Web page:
“You Are My Soniya” from Khabi Khushi Khabie Gham
This Bollywood blockbuster commonly known as “K3G” plays a supporting role in HEX, appearing at key junctions. This is one of the film’s more playful dances, featuring, as noted in the novel, some impressive pleather bodysuits. “Soniya” means darling, and while most of the song is sung in Hindi, the phrase “you are my soniya” is sung in that multi-lingual English-Hindi mix. Nell is introduced to the film by her best friend Mishti, and in watching this dance falls into a trance on Mishti’s couch.
“Bole Chudiyan” from Khabi Khushi Khabie Gham
More elaborate and climactic, this major musical number serves as a highpoint of both K3G and a dinner party in HEX. Its grandeur and ecstatic choreography provide an outlet for the bubbling tensions and suppressed emotions roiling under the table. Nell and Mishti, having watched the dance countless times, find that it comes to their aid when no simpler speaking suffices.
“Love Kills” by Robyn
Nell is referencing Robyn’s “Protect yourself ‘cause you’ll wreck yourself / In this cold hard world, so check yourself” when she rhapsodizes on tortellini. I’ll stop there, because it’s one of my favorite mash-ups in Nell’s mind.
“C Is For Cookie” by The Cookie Monster
Cookie Monster’s classic provided the structural example behind one of HEX’s most structurally unusual chapters. Nell and Joan push the “is for” construction to its limits.
“Guys and Dolls” from Guys and Dolls
In this beautiful 1950 Broadway musical (adapted in 1955 into a movie musical starring Frank Sinatra and a singing Marlon Brando), one character answers so many questions with the phrase “nicely nicely, Johnson” that it becomes his name. Nicely and his gambling companion Benny sing this title song in a musical that hovers distantly across Nell’s Midwestern upbringing, occurring to her especially in the forms of the VHS’s cover and the words “nicely nicely, Johnson.”
“O fronds virga” by Hildegard Von Bingen
When Nell is spurned by Joan, she redirects her tireless devotions toward Hildegard, an eleventh century saint and Sibyl of the Rhine. Hildegard is known for her theological, botanical, and medicinal texts, alongside a great collection of choral chants. This sample chant introduces the pure linear thrust of Hildegard’s melodies, and Nell’s century-spanning respect for women of extraordinary grace.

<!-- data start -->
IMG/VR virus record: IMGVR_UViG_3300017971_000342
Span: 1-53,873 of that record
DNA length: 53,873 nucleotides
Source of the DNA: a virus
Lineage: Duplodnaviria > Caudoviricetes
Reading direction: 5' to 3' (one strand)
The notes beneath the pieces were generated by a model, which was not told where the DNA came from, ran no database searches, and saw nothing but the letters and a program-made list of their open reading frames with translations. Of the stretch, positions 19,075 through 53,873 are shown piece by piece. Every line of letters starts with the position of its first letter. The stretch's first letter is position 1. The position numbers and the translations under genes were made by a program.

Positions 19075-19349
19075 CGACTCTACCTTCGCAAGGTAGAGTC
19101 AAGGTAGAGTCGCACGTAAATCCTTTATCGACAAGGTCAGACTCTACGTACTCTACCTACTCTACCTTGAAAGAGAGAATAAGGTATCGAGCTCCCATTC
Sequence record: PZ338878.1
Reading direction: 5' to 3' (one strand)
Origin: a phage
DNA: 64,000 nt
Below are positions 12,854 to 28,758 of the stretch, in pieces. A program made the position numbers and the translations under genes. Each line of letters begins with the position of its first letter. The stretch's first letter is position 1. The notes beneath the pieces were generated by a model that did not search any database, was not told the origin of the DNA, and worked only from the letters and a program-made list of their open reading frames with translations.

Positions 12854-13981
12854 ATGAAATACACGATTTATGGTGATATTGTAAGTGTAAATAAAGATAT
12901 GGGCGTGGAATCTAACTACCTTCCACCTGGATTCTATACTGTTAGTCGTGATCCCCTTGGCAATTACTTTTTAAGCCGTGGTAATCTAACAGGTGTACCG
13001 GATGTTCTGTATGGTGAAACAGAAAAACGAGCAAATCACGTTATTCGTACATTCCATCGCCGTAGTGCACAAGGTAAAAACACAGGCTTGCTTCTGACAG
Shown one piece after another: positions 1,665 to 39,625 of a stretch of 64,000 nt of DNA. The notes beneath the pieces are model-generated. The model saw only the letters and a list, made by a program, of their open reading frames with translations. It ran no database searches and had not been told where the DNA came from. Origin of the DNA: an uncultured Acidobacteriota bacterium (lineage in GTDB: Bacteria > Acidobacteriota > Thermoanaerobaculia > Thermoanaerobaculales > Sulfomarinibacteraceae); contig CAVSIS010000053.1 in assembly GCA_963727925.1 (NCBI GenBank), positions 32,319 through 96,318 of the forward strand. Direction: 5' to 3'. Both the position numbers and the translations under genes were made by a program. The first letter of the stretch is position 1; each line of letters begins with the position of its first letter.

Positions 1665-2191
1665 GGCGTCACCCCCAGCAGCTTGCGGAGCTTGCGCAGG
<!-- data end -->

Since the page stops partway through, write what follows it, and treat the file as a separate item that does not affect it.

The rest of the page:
Rebecca Dinerstein Knight is the author of the novel and screenplay The Sunlit Night, and a collection of poems, Lofoten. Her nonfiction has appeared in The New York Times and The New Yorker online, among others. Born and raised in New York City, she lives in New Hampshire.
also at Largehearted Boy:
Book Notes (2018 - ) (authors create music playlists for their book)
Book Notes (2015 - 2017) (authors create music playlists for their book)
Book Notes (2012 - 2014) (authors create music playlists for their book)
Book Notes (2005 - 2011) (authors create music playlists for their book)
my 11 favorite Book Notes playlist essays
Antiheroines (interviews with up and coming female comics artists)
Atomic Books Comics Preview (weekly comics highlights)
Flash Dancers (authors pair original flash fiction with a song
guest book reviews
Librairie Drawn & Quarterly Books of the Week (recommended new books, magazines, and comics)
Note Books (musicians discuss literature)
Short Cuts (writers pair a song with their short story or essay)
Shorties (daily music, literature, and pop culture links)
Soundtracked (composers and directors discuss their film's soundtracks)
weekly music release lists